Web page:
This "interesting" individual is Itagaki-san. Once awe-inspiring for his technical expertise and creative vision - along with his emphasis on female characters' breasts - it came as a great surprise that he allowed his "protege" project to be botched up so badly. A part of the gaming community suspects that it had something to do with his falling out with TECMO. We'll probably never know...

    People who know me have heard this argument before. It always slips from being a strictly balance-related statement to that of an overall review including my condemning thesis on the game's tech, lack of inspiration and so on. The reason is simple: I loved the original NG. I didn't want the sequel to be what I "expected" but surely I was awaiting something that would "work". Sadly, it was not to be. I am not "bitching" because I hate NGII. I do it because I love NG as a  series. And this game, in a long-running series of classics, is a disgrace.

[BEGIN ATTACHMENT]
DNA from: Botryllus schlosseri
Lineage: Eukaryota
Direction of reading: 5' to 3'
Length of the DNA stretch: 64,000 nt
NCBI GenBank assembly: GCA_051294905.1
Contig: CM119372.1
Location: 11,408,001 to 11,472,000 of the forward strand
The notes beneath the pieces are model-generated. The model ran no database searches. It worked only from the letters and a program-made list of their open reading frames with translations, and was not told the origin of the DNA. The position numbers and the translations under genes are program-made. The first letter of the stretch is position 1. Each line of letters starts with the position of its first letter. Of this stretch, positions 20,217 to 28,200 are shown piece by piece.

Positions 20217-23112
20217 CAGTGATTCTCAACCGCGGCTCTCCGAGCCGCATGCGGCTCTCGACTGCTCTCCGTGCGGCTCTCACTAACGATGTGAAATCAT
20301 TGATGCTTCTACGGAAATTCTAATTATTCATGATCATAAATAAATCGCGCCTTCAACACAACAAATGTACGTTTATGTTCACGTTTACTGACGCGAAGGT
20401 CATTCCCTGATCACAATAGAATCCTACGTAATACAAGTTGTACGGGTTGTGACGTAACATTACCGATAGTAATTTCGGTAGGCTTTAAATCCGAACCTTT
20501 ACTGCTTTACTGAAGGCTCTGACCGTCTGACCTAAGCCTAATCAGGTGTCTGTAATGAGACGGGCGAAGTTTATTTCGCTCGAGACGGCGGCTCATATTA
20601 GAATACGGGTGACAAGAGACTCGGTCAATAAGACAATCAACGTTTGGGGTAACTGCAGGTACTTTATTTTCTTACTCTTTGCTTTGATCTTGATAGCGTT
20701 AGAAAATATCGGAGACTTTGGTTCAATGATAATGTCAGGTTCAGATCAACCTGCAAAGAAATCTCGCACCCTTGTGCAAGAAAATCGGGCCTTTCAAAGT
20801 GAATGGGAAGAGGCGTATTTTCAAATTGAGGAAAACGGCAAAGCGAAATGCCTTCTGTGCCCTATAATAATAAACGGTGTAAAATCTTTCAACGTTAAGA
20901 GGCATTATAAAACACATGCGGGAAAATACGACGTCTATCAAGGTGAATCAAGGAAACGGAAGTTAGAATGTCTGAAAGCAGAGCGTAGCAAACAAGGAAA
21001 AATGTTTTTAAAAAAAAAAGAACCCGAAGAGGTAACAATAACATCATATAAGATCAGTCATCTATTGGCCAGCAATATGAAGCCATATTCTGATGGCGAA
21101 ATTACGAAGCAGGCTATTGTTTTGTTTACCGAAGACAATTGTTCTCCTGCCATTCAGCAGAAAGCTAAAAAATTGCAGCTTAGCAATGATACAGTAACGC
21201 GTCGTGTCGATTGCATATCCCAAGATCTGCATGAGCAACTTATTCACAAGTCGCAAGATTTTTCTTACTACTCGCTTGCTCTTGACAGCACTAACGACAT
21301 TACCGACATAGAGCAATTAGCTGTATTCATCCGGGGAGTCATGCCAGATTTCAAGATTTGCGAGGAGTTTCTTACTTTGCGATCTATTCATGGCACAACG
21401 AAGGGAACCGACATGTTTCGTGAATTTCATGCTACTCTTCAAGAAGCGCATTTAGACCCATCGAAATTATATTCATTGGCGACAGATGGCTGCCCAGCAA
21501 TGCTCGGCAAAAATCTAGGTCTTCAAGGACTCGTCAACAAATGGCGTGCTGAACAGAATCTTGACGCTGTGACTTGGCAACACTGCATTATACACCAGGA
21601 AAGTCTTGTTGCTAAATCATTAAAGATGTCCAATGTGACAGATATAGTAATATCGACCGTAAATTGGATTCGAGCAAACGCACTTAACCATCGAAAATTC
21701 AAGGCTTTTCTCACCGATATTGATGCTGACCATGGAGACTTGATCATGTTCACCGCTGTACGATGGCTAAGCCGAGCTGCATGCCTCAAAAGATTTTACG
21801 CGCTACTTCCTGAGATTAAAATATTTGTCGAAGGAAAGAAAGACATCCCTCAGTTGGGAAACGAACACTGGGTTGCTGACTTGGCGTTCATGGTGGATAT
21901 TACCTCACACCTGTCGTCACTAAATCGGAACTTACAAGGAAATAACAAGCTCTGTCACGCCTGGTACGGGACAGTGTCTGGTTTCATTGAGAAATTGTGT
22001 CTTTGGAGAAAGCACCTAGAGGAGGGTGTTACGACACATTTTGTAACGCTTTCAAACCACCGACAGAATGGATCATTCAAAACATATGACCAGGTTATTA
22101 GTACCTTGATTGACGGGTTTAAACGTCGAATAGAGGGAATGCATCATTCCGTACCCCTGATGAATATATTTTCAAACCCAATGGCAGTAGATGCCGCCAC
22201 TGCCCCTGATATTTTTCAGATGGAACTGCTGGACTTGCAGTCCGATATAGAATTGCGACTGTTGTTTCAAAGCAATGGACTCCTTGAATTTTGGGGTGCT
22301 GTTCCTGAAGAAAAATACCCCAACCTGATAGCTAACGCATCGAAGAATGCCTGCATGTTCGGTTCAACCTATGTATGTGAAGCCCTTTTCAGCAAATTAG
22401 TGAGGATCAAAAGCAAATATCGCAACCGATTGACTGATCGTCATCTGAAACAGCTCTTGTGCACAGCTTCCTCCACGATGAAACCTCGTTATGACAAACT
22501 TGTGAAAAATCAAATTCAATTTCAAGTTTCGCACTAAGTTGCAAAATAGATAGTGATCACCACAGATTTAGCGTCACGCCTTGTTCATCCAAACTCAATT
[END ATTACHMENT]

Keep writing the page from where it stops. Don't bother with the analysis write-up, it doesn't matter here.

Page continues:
In order to avoid posting a huge entry I will stop here and come back with a new one. This time we will be moving from the genre of Action/ Hack 'n Slash to that of Role-Playing. It's time for yet another one of my all-times favorite games and for a sequel that managed to live up to my expectations... until it became apparent that someone was abusing too many illegal substances while programming its combat.

    It's time for Dragon Age...




  1. haha well said, I haven't played any NG game, except from the arcade so I don't really have the right to make a comparison between NG and NGII...
    As for your closing the only thing I can say is "SUSPENSE" XD

  2. Haha! Indeed! Until then try to hold off those ninja reinforcements! ;)

  3. I played UT3 last night with my buddy which reminded me of getting NGII that same summer. NG:B was one of my favorite games ever and the action game genre is easily my "niche."

    All I remember about NGII was hating the game so much that I could hardly bring myself to beat it.